Refining Processes in Ferrochrome and Stainless Steel production
In the scrap-based stainless steelmaking, electric arc furnace (EAF) is used to melt the scrap, after which the molten metal is further processed in AOD, VOD and/or various ladle treatments depending on the requirements set by the product. In other words the melting of the material and the metallurgical processing (i.e. mainly decarburization) are separated from one another into two independent processes.
If ferrochrome is used as a raw material, it is also melted in the EAF, unless the production of ferrochrome is located in the same area, which enables the transfer of molten material from the ferrochrome plant to the stainless steel plant. As for ferrochrome, it is most commonly produced in submerged arc furnaces (SAF) using chromite ores and/or concentrates as raw materials. A so-called (ferro)chrome converter (CRK) can also be used as a pretreatment process between SAF and AOD, if ferrochrome is transferred to stainless steel plant in a molten state.
The AOD (or VOD) is followed by e.g. ladle treatments, continuous casting, slab grinding, hot and cold rolling as well as pickling and annealing. However, these processes are omitted in this study, since the focus is on the refining processes preceding these operations.
Ferrochrome converter, CRK
Ferrochrome converter is a link between the production of ferrochrome and stainless steel production. Its purpose is to enable the transfer of ferrochrome in a molten state from the ferrochrome plant to the stainless steel melting shop and to enable the utilisation of ferrochrome’s chemical energy for scrap melting. During the CRK process oxygen is blown into the metal, due to which the silicon content of the metal is decreased from 4 to 5 w-% to less than 0.5 w-%. At the same time, the carbon content is decreased from approximately 7 w-% to approximately 3 w-%. Further decarburization would lead into excessive oxidation of chromium. Exothermic oxidation reactions of silicon and carbon release energy that is used to heat the metal and to melt scrap and slag formers. Although the purpose of CRK is different to more commonly used AOD converter, these two converters are geometrically very similar to each other with almost identical shape and both having sidewall tuyeres in addition to the top lance.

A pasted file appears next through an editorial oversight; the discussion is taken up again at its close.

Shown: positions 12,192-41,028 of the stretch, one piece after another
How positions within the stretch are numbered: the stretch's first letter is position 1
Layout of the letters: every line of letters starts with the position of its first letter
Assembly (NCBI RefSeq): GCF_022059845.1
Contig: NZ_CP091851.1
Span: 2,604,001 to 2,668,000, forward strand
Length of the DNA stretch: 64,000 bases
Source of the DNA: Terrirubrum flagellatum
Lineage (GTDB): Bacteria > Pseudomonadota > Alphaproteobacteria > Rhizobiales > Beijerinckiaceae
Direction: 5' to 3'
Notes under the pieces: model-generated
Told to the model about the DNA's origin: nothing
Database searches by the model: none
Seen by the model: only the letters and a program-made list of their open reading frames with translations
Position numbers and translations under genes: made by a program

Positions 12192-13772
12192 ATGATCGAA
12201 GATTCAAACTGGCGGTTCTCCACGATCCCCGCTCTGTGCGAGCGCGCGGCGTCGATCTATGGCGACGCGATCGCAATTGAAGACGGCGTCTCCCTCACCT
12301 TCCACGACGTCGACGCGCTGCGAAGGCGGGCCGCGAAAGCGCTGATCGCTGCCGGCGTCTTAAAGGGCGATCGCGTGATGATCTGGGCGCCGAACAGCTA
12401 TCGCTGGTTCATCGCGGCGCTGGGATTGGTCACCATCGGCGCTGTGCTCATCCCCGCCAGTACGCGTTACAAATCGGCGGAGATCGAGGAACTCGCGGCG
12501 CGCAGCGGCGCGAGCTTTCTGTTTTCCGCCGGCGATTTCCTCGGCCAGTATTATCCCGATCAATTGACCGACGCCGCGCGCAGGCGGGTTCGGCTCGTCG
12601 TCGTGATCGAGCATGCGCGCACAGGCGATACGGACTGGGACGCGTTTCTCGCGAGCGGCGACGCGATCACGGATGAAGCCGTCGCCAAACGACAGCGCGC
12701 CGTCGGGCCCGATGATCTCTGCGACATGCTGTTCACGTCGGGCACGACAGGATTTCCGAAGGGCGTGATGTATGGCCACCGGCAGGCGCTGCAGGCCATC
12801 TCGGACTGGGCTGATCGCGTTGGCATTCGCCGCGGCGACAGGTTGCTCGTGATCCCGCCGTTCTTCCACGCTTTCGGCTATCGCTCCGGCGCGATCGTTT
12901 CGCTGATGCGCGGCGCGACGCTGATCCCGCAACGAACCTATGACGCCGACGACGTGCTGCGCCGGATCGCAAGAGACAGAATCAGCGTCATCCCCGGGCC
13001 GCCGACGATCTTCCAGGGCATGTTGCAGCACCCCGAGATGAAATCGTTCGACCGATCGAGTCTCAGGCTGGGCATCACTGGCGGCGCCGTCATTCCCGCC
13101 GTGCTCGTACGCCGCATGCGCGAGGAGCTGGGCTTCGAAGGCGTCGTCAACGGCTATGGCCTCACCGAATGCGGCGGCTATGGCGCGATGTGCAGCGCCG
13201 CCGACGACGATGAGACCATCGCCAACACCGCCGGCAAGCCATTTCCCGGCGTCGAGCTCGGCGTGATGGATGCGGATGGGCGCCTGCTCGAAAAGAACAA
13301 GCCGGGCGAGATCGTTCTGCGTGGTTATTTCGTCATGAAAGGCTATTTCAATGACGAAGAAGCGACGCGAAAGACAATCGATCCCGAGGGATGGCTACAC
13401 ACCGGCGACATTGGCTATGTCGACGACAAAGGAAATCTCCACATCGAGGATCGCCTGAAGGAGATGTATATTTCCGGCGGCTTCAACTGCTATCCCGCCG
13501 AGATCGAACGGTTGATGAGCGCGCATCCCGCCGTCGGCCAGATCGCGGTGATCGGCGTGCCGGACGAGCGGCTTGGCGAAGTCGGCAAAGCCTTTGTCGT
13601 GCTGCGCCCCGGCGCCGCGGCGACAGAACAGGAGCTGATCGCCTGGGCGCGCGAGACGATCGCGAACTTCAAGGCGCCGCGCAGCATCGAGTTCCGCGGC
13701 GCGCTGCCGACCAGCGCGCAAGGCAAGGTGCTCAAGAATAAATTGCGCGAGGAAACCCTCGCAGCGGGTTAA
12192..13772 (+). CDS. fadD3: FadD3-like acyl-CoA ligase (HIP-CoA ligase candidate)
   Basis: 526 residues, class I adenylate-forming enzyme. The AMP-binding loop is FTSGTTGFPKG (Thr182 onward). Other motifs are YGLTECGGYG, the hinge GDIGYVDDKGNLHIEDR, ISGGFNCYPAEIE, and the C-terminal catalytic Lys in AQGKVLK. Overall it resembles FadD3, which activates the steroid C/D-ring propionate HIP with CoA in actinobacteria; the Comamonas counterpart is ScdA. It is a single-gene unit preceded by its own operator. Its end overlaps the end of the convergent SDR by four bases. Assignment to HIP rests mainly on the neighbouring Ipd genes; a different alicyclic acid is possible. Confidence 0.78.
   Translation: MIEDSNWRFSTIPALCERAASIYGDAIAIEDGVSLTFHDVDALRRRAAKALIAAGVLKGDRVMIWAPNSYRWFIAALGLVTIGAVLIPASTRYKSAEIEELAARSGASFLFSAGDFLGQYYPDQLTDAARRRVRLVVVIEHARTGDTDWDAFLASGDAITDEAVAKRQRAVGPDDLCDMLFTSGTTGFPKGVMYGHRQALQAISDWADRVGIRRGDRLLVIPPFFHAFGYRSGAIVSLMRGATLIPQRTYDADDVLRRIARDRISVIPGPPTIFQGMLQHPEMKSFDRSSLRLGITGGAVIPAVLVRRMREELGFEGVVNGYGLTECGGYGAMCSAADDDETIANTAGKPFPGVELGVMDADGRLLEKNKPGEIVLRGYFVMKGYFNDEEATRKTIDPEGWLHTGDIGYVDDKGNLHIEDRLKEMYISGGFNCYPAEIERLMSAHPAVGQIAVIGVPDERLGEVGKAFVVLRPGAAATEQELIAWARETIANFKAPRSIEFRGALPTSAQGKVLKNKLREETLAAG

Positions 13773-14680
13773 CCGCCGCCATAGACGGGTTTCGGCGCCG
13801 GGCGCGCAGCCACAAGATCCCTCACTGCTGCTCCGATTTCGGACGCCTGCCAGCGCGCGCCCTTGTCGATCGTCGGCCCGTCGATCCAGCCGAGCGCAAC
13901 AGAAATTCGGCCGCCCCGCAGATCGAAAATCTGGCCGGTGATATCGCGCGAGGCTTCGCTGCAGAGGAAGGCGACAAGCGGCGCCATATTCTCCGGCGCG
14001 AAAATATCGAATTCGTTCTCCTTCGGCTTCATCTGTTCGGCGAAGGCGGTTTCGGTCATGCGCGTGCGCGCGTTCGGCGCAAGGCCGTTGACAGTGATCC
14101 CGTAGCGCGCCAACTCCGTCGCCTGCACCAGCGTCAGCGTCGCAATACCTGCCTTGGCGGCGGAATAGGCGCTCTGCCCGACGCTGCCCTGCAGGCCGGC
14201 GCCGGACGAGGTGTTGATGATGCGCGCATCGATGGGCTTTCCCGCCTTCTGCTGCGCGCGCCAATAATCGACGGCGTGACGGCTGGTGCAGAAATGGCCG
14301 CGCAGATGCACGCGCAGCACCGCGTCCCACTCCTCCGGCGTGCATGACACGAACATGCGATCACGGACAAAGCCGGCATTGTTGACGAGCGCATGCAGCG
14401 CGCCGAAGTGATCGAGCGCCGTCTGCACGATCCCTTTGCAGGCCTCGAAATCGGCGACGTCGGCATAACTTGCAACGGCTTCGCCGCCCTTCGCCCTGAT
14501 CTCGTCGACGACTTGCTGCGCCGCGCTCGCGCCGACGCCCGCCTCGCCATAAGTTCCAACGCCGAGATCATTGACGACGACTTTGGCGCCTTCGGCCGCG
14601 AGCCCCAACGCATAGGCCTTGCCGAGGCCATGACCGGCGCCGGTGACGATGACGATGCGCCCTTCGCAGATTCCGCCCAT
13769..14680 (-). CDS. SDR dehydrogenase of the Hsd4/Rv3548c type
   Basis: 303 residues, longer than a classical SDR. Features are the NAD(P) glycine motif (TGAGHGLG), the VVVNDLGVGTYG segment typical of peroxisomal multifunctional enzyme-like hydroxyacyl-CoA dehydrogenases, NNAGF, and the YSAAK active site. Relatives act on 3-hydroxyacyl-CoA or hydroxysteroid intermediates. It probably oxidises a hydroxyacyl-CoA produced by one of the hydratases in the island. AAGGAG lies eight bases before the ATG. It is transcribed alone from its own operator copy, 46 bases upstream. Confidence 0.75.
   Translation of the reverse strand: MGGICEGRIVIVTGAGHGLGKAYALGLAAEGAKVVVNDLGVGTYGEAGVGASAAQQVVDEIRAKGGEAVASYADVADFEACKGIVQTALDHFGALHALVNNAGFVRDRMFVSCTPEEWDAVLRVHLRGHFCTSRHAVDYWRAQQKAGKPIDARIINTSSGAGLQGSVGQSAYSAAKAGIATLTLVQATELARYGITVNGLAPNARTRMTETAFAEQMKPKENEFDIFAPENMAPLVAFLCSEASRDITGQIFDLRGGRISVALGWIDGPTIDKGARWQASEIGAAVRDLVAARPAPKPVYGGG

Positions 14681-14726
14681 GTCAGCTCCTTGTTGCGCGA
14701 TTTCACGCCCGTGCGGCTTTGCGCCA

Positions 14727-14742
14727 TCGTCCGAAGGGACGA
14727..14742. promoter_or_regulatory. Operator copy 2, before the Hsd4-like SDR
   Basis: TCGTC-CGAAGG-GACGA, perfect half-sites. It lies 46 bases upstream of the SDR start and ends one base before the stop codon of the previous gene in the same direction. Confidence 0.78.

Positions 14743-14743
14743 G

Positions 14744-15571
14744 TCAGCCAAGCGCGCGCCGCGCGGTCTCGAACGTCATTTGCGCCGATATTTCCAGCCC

AOD process produces most of the world’s stainless steel
Argon Oxygen Decarburization is the process in which most of the world’s stainless steel is being produced. Its purpose is to remove carbon – as well as silicon if CRK is not used – without excessive oxidation of chromium from the metal that consists of ferrochrome and molten scrap.
Other important features concerning the AOD are nitrogen control and sulphur removal, latter of which is usually executed as a separate stage at the end of the processing. In order to control the process it is important to know how to influence oxidation reactions and how to control the nitrogen content with accessible process variables. The variables by which the AOD is usually being optimized are the blowing ratios between top and bottom blowing, lance positions and oxygen/nitrogen/argon -ratios in the gas during the different stages of the blowing as well as the durations of stages themselves. Furthermore, it is possible to control the process via additions of scrap, lime and alloying elements.
Since the carbon is removed much more efficiently when compared to CRK, a reduction stage in which the oxidized chromium is reduced is needed after the decarburization at the end of the processing.
Due to similarities with the CRK process presented above, it is unnecessary to repeat certain things that are already covered in the previous section.
Source: Eetu-Pekka Heikkinen and Timo Fabritius: Modelling of the Refining Processes in the Production of Ferrochrome and Stainless Steel, University of Oulu, Finland